The companies decided to assess whether a third dose improved the vaccine’s performance. Infected children from the Omicron trial were discovered over the winter.

The preliminary data about these infections showed that the F.D.A. said it would consider authorizing two doses of the vaccine while the companies continued to test the third — a decision that provoked mixed reactions from parents and experts.

But the number of infections among children grew, and the accruing data did not support the F.D.A.’s decision, prompting the agency to cancel its planned review. As Omicron variants ravaged the country, parents were left confused.

C.D.C. The C.D.C. reported that 75 percent of all children could have contracted the coronavirus between March and April, many of whom were infected during the Omicron flood. Although children had a record number of hospitalizations, they were still much higher than those who received the coronavirus.

Experts said that more information on T-cell immunity may have helped deliver the shots sooner to parents in desperate situations and prevented some hospitalizations.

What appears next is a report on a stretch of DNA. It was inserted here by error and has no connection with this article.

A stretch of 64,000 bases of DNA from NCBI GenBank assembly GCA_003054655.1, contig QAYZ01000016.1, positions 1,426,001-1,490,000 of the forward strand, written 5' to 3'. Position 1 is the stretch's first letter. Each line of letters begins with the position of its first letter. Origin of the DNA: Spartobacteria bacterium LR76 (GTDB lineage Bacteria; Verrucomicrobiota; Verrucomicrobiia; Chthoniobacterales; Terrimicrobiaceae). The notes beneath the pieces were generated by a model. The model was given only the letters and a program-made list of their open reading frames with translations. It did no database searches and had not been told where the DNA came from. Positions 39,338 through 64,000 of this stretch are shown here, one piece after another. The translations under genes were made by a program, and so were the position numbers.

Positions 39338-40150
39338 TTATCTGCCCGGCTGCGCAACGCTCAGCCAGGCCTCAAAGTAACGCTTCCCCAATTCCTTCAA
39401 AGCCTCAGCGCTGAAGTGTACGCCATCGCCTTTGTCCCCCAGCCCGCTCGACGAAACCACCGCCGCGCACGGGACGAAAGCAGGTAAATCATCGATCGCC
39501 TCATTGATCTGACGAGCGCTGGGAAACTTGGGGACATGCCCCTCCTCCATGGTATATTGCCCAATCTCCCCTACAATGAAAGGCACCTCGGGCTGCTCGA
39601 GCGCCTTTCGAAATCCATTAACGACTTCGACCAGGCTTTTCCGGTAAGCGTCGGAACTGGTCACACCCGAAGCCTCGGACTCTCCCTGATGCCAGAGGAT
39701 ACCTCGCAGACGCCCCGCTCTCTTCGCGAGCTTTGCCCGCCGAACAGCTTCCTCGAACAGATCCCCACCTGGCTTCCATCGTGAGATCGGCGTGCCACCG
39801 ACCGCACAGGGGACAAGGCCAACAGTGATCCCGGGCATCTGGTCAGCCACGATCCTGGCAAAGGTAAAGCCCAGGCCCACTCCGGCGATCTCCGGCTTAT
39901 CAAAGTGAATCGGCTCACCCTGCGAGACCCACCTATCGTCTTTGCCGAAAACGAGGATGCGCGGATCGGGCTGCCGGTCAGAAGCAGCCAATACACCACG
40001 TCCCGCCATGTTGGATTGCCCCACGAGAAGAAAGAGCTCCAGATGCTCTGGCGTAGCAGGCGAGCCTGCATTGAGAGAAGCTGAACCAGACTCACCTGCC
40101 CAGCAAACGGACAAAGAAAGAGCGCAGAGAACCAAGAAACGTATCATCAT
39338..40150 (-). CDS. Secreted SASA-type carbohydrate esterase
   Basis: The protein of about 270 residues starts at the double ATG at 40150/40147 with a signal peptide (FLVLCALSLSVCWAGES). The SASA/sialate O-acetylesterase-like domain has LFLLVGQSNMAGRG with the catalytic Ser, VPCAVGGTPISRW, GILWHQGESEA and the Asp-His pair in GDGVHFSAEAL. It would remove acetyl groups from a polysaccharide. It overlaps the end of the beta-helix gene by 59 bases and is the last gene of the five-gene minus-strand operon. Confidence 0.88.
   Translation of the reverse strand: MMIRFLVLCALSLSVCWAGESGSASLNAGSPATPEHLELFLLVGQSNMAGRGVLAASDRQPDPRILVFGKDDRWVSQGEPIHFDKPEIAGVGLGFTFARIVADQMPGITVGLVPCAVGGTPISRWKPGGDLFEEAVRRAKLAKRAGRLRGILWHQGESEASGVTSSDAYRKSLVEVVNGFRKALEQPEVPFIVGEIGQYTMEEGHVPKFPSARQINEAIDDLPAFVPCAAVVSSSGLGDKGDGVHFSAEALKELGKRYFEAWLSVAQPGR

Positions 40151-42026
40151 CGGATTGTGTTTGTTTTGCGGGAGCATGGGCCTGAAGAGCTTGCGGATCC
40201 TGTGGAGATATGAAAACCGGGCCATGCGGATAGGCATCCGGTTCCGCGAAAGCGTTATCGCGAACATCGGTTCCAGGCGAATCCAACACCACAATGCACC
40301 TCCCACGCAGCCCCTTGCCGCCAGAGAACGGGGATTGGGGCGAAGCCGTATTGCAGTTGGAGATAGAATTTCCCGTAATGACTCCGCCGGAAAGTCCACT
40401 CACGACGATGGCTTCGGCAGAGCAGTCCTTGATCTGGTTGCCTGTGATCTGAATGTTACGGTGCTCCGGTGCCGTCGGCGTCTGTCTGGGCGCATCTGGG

It is essential to neutralize the virus upon entry. There are many tests that can quickly test for antibodies, but it takes at most a few microliters of blood to assess T cells and at minimum a day just to check a handful of samples.

A vaccine analysis should include T cells. “really up the complexity and cost of the study,”Camille Kotton (infectious disease physician at Massachusetts General Hospital) and scientific adviser to C.D.C.

“It’s never as easy as antibodies, but it definitely would be helpful,”She said.

Not everyone believes that T cells provide immunity. According to Dr. Miles Davenport is an immunologist from the University of New South Wales, Sydney.